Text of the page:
Pascal Losambe (November 2023)
In my work as a consultant, my journey often intersects with educators striving to create inclusive and respectful environments in elementary schools. A pressing challenge has emerged: addressing identity-based comments among young students. These comments, often mirroring the negativity seen on social media, impact students across all demographics. The quest for effective solutions has become paramount.
Teachers and I frequently explore crucial questions: How can we make students understand the profound effects of their words? What strategies can prevent recurrence of such behavior? The traditional “carrot and stick” approach—rewarding good behavior and penalizing the bad—has its merits, but my experience in self-determination theory has shifted my focus. I now ask: “What will intrinsically motivate a child to change?”
For instance, when a child uses a racial slur, we address it with age-appropriate consequences, but we go further. In my engagement with the child, we talk about the power of words and their impact. I also introduce the concept of a team, comprising influential figures, teachers, and peers, committed to combating harmful language. I invite the child to join this team, highlighting their unique strengths as potential “superpowers” to aid the team’s mission.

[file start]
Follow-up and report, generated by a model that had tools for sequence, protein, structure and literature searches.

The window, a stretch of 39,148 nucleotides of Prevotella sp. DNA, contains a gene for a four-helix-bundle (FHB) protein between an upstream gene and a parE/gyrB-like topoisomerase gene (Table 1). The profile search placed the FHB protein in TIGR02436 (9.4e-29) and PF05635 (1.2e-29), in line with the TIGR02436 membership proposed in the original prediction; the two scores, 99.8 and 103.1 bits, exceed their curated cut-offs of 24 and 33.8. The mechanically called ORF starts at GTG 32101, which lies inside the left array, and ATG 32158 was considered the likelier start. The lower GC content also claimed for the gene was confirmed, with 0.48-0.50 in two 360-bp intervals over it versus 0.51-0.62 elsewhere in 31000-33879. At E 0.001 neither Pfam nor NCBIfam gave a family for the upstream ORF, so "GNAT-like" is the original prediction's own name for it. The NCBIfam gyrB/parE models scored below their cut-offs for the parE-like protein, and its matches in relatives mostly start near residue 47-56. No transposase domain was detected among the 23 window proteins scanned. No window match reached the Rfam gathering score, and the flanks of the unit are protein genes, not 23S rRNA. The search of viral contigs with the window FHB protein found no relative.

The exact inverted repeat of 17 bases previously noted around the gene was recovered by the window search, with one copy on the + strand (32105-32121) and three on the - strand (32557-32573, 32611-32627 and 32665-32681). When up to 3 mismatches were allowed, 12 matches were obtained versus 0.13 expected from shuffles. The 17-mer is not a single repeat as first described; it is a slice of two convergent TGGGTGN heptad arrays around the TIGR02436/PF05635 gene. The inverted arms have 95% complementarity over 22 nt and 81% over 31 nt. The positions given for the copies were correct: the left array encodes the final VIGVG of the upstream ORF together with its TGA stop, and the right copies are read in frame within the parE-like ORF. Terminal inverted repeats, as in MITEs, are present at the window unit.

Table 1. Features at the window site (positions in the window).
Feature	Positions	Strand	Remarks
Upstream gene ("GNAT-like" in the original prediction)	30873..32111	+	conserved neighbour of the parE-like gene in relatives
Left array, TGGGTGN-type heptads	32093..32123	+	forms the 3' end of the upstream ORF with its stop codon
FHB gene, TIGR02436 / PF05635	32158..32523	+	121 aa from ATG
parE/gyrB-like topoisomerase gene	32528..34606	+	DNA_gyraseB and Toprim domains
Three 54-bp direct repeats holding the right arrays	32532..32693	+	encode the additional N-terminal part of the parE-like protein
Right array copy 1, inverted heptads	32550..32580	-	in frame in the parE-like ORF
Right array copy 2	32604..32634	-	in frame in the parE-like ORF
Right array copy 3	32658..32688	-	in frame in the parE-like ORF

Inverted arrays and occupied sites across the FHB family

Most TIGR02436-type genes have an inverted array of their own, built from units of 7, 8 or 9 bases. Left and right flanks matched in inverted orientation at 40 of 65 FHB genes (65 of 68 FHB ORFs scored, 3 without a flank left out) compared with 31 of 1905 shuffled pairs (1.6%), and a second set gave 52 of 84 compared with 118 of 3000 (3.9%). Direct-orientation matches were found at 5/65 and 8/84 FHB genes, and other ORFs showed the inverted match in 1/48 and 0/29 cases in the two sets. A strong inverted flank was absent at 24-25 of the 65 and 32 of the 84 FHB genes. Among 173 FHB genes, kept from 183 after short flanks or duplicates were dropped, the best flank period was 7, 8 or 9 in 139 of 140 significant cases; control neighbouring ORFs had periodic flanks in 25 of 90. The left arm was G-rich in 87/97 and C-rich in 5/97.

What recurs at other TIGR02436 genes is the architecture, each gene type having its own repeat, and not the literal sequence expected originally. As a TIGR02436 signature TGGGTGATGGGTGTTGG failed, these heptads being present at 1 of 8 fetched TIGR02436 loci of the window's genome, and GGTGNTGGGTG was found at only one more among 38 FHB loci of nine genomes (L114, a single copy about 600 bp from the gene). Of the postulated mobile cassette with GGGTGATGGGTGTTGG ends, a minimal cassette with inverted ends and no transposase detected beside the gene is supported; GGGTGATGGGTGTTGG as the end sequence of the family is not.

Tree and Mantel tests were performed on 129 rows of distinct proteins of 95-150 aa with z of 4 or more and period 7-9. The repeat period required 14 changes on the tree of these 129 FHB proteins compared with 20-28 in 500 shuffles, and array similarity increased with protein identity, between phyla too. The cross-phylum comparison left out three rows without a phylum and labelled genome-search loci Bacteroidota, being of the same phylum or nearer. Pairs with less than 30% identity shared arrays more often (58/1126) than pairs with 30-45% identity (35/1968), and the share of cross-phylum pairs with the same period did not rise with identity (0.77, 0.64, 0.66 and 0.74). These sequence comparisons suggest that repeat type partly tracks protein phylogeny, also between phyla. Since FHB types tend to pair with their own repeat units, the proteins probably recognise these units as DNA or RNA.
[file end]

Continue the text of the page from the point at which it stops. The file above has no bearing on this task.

Leveraging Belonging: Belonging is a powerful motivator. I emphasize to the child their role in this diverse team, asking them to envision contributing positively. This promotes not only a sense of belonging but also responsibility towards others.
Encouraging Autonomy and Competence: Next, I focus on autonomy by inviting the child to suggest how they might use their strengths to support the team’s goals. This empowers them, making them active participants in change. Additionally, I foster competence by providing examples of navigating complex social situations, further equipping them with the skills to make better choices.
This method has shown promising results in motivating behavioral change. It moves beyond punitive measures, instead fostering a sense of belonging, autonomy, and competence in young students. As we continue to grapple with the challenges of a digital age, it’s crucial that our strategies evolve to effectively guide our youth towards a more understanding and respectful society.